And yet I admit that I still find his remarks compelling—chiefly because I reject his rationale, but concur with his conclusions.
It’s Waller’s opinion, as well as my own, that the United States does not need to develop its own CBDC. Yet while Waller believes that the US doesn’t need a CBDC because of its already robust commercial banking sector, I believe that the US doesn’t need a CBDC despite the banks, whose activities are, to my mind, almost all better and more equitably accomplished these days by the robust, diverse, and sustainable ecosystem of non-State cryptocurrencies (translation: regular crypto).
I risk few readers by asserting that the commercial banking sector is not, as Waller avers, the solution, but is in fact the problem—a parasitic and utterly inefficient industry that has preyed upon its customers with an impunity backstopped by regular bail-outs from the Fed, thanks to the dubious fiction that it is “too big too fail.”
But even as the banking-industrial complex has become larger, its utility has withered—especially in comparison to crypto. Commercial banking once uniquely secured otherwise risky transactions, ensuring escrow and reversibility. Similarly, credit and investment were unavailable, and perhaps even unimaginable, without it. Today you can enjoy any of these in three clicks.
Still, banks have an older role. Since the inception of commercial banking, or at least since its capitalization by central banking, the industry’s most important function has been the moving of money, fulfilling the promise of those promissory notes of old by allowing their redemption in different cities, or in different countries, and by allowing bearers and redeemers of those notes to make payments on their and others’ behalf across similar distances.
For most of history, moving money in such a manner required the storing of it, and in great quantities—necessitating the palpable security of vaults and guards. But as intrinsically valuable money gave way to our little napkins, and napkins give way to their intangible digital equivalents, that has changed.
Today, however, there isn’t much in the vaults. If you walk into a bank, even without a mask over your face, and attempt a sizable withdrawal, you’re almost always going to be told to come back next Wednesday, as the physical currency you’re requesting has to be ordered from the rare branch or reserve that actually has it. Meanwhile, the guard, no less mythologized in the mind than the granite and marble he paces, is just an old man with tired feet, paid too little to use the gun that he carries.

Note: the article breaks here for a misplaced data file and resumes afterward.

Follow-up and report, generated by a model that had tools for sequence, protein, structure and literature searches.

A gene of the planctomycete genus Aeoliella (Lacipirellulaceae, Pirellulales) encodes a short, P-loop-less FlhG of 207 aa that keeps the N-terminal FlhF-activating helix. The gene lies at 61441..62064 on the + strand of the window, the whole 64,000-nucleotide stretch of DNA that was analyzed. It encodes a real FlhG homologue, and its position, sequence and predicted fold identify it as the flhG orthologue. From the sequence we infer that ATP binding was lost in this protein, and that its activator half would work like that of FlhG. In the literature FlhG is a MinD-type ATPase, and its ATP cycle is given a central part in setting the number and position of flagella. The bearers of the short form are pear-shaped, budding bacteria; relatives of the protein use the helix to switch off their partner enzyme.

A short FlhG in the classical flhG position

These are what commercial banks have been reduced to: “intermediating” money-ordering-services that profit off penalties and fees—protected by your grandfather.
In sum, in an increasingly digital society, there is almost nothing a bank can do to provide access to and protect your assets that an algorithm can’t replicate and improve upon.
On the other hand, when Christmas comes around, cryptocurrencies don’t give out those little tiny desk calendars.
But let’s return to close with that bank security guard, who after helping to close up the bank for the day probably goes off to work a second job, to make ends meet—at a gas station, say.
Let’s say that his doctor has told him that the sedentary or just-standing-around nature of his work at the bank has impacted his health, and contributed to dangerous weight gain. Our guard must cut down on sugar, and his private insurance company—which he’s been publicly mandated to deal with—now starts tracking his pre-diabetic condition and passes data on that condition on to the systems that control his CBDC wallet, so that the next time he goes to the deli and tries to buy some candy, he’s rejected—he can’t—his wallet just refuses to pay, even if it was his intention to buy that candy for his granddaughter.
Or, let’s say that one of his e-dollars, which he received as a tip at his gas station job, happens to be later registered by a central authority as having been used, by its previous possessor, to execute a suspicious transaction, whether it was a drug deal or a donation to a totally innocent and in fact totally life-affirming charity operating in a foreign country deemed hostile to US foreign policy, and so it becomes frozen and even has to be “civilly” forfeited. How will our beleagured guard get it back? Will he ever be able to prove that said e-dollar is legitimately his and retake possession of it, and how much would that proof ultimately cost him?
Our guard earns his living with his labor—he earns it with his body, and yet by the time that body inevitably breaks down, will he have amassed enough of a grubstake to comfortably retire? And if not, can he ever hope to rely on the State’s benevolent, or even adequate, provision—for his welfare, his care, his healing?
This is the question that I’d like Waller, that I’d like all of the Fed, and the Treasury, and the rest of the US government, to answer:
Of all the things that might be centralized and nationalized in this poor man’s life, should it really be his money?